Buddy Ryan liked to blitz. That alone has forever endeared him to many Eagles fans.

“If they made a first down, [Ryan] said, ‘Blitz!’” former Eagles defensive coordinator Wade Phillips once recalled. “He said, ‘Blitz ‘em!’ OK, Coach. Any time they made a first down, he was going to blitz them.”

Ryan’s predilection might have allowed for an explosive play allowed here or there, but Philadelphians would often pass it off as mere misfortune. The blitz played to their senses and Ryan was infallible in their eyes, even if he was imperfect as a head coach.

It helped that his defenses were consistently good and that he had top personnel. But sending extra rushers was often unnecessary because Ryan had the benefit of a dominating D-line. Why send more than four when Reggie White and company would often apply pressure?

Jonathan Gannon prefers not to blitz — at least the current defensive play-caller didn’t in the Eagles’ first seven games this season. Only the Raiders, among NFL teams, blitzed less than the Eagles over that span.

But Gannon has dialed up more pressures over the last four games (24.7% on quarterback drops) vs. the first seven (14.7%), per Pro Football Focus. The results, for the most part, have been better.

Head coach Nick Sirianni said the recent aggressiveness was a byproduct of both his and Gannon’s assessment that the Eagles weren’t challenging offenses enough following the loss in Las Vegas.

More blitzing, though, can be circumstantial. There could be myriad reasons for the usage — down, distance, formation, opponent, quarterback, etc. — beyond Ryan’s almost instinctual response to his defenses allowing a first down.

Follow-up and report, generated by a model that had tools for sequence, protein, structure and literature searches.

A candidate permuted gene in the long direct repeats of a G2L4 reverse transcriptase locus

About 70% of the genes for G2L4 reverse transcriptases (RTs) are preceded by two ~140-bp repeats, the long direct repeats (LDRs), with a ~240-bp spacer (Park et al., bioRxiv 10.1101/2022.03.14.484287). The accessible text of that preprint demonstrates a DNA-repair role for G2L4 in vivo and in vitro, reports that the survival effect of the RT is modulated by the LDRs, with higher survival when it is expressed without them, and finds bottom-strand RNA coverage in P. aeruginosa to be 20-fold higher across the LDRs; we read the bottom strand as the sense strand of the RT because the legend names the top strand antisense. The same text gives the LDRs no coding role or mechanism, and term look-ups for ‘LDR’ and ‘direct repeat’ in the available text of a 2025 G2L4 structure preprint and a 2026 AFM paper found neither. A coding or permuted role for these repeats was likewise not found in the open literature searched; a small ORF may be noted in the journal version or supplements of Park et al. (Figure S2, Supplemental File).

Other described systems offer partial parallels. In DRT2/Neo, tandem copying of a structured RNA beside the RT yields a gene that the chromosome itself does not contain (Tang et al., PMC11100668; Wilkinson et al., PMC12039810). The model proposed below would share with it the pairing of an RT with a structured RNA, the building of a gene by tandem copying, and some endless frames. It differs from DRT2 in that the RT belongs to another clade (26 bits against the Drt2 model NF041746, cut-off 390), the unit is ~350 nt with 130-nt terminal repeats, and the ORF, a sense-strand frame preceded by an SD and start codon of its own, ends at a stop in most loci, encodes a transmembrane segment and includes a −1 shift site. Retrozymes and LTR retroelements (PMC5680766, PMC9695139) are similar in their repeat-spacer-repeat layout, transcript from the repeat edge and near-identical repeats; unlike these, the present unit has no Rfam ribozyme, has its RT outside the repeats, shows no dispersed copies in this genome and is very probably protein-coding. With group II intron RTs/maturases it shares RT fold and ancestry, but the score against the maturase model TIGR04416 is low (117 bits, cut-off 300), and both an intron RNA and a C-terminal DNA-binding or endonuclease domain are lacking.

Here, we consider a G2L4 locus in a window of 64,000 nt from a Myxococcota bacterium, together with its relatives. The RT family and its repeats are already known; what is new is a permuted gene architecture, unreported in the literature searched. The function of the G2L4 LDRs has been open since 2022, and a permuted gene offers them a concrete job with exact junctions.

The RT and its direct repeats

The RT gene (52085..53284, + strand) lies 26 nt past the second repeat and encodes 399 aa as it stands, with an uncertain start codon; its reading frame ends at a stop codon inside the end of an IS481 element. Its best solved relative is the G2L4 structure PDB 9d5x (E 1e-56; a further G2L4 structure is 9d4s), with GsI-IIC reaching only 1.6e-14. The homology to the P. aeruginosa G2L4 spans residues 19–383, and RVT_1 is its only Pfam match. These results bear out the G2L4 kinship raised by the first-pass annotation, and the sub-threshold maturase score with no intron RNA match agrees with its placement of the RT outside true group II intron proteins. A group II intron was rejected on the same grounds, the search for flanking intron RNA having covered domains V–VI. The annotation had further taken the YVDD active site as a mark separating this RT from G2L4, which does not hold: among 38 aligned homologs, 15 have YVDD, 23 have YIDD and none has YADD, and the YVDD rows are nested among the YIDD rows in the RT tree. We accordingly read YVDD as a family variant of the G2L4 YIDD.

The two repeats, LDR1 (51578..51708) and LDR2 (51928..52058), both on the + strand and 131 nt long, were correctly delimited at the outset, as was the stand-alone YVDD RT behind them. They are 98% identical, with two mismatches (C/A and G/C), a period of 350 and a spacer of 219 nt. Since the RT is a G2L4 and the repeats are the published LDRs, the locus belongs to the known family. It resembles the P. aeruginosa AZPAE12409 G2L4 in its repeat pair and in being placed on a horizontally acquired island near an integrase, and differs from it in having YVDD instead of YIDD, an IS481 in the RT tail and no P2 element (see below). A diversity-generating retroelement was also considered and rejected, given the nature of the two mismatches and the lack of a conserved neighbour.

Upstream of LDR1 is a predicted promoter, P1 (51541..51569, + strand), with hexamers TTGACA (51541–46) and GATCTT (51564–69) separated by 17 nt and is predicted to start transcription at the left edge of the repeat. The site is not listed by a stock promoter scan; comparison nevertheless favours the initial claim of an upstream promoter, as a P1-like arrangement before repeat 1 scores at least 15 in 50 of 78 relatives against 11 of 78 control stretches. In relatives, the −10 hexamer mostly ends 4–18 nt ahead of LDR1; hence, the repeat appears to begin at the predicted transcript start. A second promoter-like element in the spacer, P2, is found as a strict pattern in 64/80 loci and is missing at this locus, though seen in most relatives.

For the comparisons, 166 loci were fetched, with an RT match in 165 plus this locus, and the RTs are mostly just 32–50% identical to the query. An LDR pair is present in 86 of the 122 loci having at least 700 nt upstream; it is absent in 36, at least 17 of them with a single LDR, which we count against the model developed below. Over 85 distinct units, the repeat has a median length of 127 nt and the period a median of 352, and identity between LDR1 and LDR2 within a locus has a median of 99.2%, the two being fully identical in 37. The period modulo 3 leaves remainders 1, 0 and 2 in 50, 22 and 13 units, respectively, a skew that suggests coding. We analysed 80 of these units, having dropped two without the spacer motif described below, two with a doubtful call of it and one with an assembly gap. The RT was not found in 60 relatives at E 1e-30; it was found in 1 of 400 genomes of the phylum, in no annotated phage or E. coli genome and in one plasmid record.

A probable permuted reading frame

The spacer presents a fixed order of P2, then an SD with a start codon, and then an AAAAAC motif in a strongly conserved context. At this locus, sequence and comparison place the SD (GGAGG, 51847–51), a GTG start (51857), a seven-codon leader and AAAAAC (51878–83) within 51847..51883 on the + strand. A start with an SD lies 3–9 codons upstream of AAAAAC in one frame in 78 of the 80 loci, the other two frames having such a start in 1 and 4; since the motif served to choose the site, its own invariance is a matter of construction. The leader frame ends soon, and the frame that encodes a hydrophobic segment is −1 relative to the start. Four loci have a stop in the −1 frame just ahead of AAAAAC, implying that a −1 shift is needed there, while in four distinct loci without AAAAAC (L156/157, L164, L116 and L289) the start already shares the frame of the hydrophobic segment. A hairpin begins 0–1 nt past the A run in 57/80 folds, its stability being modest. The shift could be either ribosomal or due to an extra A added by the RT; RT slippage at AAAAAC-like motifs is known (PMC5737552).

“It’s all off of looks,” linebacker T.J. Edwards said Wednesday. “We have stuff in every week, and it’s just getting to those looks and getting to the right down-and-distance. Doing a good job on first and second down so we can get to the things we want to [on third down].”

The Eagles have done a better job on first and second down in three of the last four weeks. It helps that the quarterbacks in those games were middling starters in Jared Goff, Teddy Bridgewater, and Trevor Siemian. Many of the others the Eagles faced scorched them, which could partially explain why Gannon didn’t blitz much early on.

Dak Prescott, Patrick Mahomes, Tom Brady, and Derek Carr completed 18 of 22 passes (81.8%) for 192 yards and four touchdowns combined when the Eagles blitzed. Only four total pressures were applied, only Prescott was sacked (once), and the Eagles lost convincingly in all four games.

In the Eagles’ last three victories over the Lions, Broncos, and Saints, though, opposing quarterbacks completed 12 of 25 passes (48%) for a higher number of yards (241). But no touchdowns were scored, and 13 pressures and two sacks were generated.

The risk-reward of blitzing is often higher than it is when defenses play it straight. Gannon had his reasons for employing soft zones and four-man rushes, but five quarterbacks — the elite four aforementioned and Justin Herbert just three weeks ago — each completed more than 80% of their passes against the Eagles.

So while his scheme might not be aesthetically pleasing to some fans, what mattered most was its ineffectiveness. But it wasn’t as much the lack of blitzing, as it was suspect and misused personnel, run-defense leakage, and unoriginality in coverage and rush packages that accounted for the struggles.

Gannon has made adjustments, not as drastic as Sirianni’s on the offensive side, but enough to stop the hemorrhaging. The lower level of competition aided his efforts, but the tighter coverages, more complex blitz packages, and execution have been relatively better over the last month.

An argument could be made for sending extra rushers at Daniel Jones in Sunday’s meeting. The New York Giants quarterback is among the lowest-rated passers, having tossed four interceptions and been sacked seven times vs. the blitz.

Eagles fans would love it.

Here’s a closer look at the Eagles’ blitz over the last four games, its successes and failures, and how, like many parts of the team this season, remains a work in progress:

Blitz pop

As Edwards noted, the Eagles have blitzed more because they’re creating blitzing situations on third down. Defensive coordinators can certainly send more rushers on early downs, but when an offense is in third-and-6-plus, as the Lions were here, it increases the odds for passing.